Farm Bill Extension Without Energy Funding is Job Killer

With the 112th Congress unable to come to terms and pass a new Farm Bill, the current bill was extended for nine months while the 113th Congress works to pass a 2013 Farm Bill. Although the bill is extended as part of the American Taxpayer Relief of 2012, it was extended without energy title funding that includes programs such as the Rural Energy for American Farm Photo: John Helmstetter FarmAmerica Program (REAP), Biomass Crop Assistance Program (BCAP) Biorefinery Assistance Program (BAP) and the Biobased Markets Program (Biopreffered). The news was not greeted with enthusiasm by the agricultural and renewable energy industries.

“We are deeply disappointed that Congress ignored the bipartisan bill drafted by House and Senate Ag Committee leaders,” said Lloyd Ritter, Ag Energy Coalition co-director. “By eliminating mandatory funding for energy title programs, the agreement cuts short vitally important job creation and economic growth in rural America.”

According to Ritter, these programs have helped to revitalize rural America, develop new agricultural markets, and reduce the need for direct payments to farmers. In addition, says Ritter, these programs have unlocked private capital for construction of the nation’s first cellulosic and advanced biofuel biorefineries. As part of this movement, more than 150,000 acres of underutilized, such as marginal land, in more than 150 countries.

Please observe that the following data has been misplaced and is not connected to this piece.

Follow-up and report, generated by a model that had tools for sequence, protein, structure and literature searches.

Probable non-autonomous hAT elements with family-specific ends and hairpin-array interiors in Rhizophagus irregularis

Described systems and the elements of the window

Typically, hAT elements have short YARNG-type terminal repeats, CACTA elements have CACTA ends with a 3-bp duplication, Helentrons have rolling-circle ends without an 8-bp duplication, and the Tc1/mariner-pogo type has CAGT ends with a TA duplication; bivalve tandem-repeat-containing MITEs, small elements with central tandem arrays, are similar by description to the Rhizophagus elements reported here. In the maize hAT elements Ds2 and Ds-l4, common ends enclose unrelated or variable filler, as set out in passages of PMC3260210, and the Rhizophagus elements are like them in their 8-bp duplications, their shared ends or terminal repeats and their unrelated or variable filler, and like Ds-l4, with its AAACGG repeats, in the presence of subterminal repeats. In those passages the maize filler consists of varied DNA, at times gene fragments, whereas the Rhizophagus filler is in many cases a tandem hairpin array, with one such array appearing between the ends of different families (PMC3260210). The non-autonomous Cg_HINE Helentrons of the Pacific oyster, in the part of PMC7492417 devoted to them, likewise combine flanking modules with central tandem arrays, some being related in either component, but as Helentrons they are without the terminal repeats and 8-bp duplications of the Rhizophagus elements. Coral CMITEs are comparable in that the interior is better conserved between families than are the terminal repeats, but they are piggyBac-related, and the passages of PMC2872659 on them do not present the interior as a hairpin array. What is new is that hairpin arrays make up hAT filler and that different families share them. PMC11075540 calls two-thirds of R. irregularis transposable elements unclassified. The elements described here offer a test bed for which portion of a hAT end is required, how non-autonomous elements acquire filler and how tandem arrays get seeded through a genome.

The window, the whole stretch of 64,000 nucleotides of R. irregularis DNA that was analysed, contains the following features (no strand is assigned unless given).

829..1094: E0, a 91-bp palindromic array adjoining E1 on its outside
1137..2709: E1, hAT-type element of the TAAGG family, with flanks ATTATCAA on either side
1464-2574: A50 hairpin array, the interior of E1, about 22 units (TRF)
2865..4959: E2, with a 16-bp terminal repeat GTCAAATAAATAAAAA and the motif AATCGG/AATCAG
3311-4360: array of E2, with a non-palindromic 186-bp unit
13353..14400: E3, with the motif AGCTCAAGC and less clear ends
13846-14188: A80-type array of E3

Last year, the U.S. Senate passed a version of a five-year Farm Bill that set mandatory levels each year for renewable energy and energy efficiency programs. A slightly different version of a five-year Farm Bill was passed by the House Agriculture Committee that provided discretionary funding for these programs. Draft legislation for a one-year extension of the current Farm Bill agreed to by the House and Senate Ag Committee leaders and released at the end of December 2012 set mandatory funding levels for 2013. However, the extension did not pass with these funding levels included and will ultimately cause harm to the momentum of agriculture’s role in renewable energy.

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